How are personal injury awards treated on divorce?

It would be logical to assume that a personal injury award which has been calculated to meet an injured spouse’s needs would be ringfenced on a divorce. This is not however the case, personal injury awards may be shared if the parties’ needs or those of their children cannot be met without recourse to it.

The Matrimonial Cause Act 1973

Section 25 of the Matrimonial Causes Act 1973 contains the statutory factors the court must apply to determine how the income and assets should be distributed on divorce.

Section 25(1) requires the court to have regard to all the circumstances of the case and first consideration must be given to the welfare of any minor children of the family.

Section 25(2) requires the court to apply a checklist of factors which include the income, earning capacity and financial resources of the parties, their financial needs, obligations and responsibilities, the standard of living enjoyed during the marriage, the age of the parties and duration of the marriage, any physical or mental disability and the contributions that each of the parties has made or is likely to make in the future to the welfare of the family.  

Whilst Section 25 prescribes the matters to which the court must have regard case law provides guidance on how the court achieves a fair result and how to apply the principles of need and sharing.  The sharing principle will apply to all property unless there is good reason to depart from an equal division. A good reason can be the existence of non-matrimonial property (assets acquired prior to the marriage or post separation or received through inheritance, lifetime gifts or a personal injury award) as opposed to matrimonial property (these being assets acquired through the joint efforts of the parties during the marriage).

How has the personal injury award been used?

Much will turn on how the award has been used. An award that has been treated as a joint resource or intermingled with other matrimonial assets or used to purchase or improve the family home may be difficult to categorise as non-matrimonial property. There may also be difficulties in tracing the use of the award making it more susceptible to the sharing principle.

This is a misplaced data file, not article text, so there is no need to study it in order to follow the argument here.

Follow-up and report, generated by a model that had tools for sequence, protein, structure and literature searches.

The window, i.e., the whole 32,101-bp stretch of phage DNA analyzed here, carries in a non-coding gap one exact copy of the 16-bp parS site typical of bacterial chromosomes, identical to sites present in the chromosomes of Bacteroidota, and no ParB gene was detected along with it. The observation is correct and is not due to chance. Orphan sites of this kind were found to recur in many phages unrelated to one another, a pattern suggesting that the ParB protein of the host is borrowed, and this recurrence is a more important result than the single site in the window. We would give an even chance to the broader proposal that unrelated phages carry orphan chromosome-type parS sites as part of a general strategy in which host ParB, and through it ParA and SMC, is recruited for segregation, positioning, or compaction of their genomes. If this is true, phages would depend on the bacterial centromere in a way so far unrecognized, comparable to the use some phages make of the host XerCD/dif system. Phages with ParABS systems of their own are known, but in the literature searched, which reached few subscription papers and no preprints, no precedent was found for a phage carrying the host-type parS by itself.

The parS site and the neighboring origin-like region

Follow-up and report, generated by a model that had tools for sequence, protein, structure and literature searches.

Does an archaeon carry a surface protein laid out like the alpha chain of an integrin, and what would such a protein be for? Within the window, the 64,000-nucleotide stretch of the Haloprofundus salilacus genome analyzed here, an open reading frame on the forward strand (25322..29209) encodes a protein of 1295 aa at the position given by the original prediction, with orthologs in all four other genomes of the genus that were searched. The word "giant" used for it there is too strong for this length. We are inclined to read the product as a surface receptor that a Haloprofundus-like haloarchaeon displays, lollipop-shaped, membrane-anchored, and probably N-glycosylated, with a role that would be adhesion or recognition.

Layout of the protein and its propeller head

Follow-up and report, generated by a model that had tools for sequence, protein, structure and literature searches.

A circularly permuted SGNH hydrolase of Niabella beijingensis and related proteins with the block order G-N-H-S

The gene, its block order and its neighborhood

On the other hand, if an injury or disability is ongoing and the award has been kept separate and apart from the other resources of the couple the court is likely to exclude it from the matrimonial pot, provided the needs of the uninjured spouse and children can be met from an equal division of the matrimonial assets.  

The needs of the parties and their children will always trump any other factors. If the uninjured spouse has no income or property of their own and they have during the marriage shared the benefit of the income or capital from the personal injury award, the court is likely to apply the award so far as is necessary to meet both parties’ needs.

The court’s first consideration must be the welfare of the children.  If there’s not enough money to meet everyone’s needs, the children will take priority.  In this situation the court may structure the settlement to provide for any property acquired for the benefit of the children to revert to the injured spouse when the children reaching the age of majority or are no longer financially dependent.

Conclusion on how personal injury awards are treated on divorce

Given the wide discretion of the divorce court and no guarantee that a personal injury award will be ringfenced and excluded from the sharing principle on divorce, anyone about to marry or already married and in receipt of a personal injury award should consider entering into a nuptial agreement. 

A nuptial agreement can provide certainty of outcome in the event of a marriage breakdown and ringfence a personal injury award so that it remains intact for the benefit of the injured spouse.

The team at Watson Morris Family Law can help you navigate the law around personal injury awards on divorce. For an initial free no obligation discussion to see how we can help please contact us. 


Written by Caroline Watson

April 20, 2023

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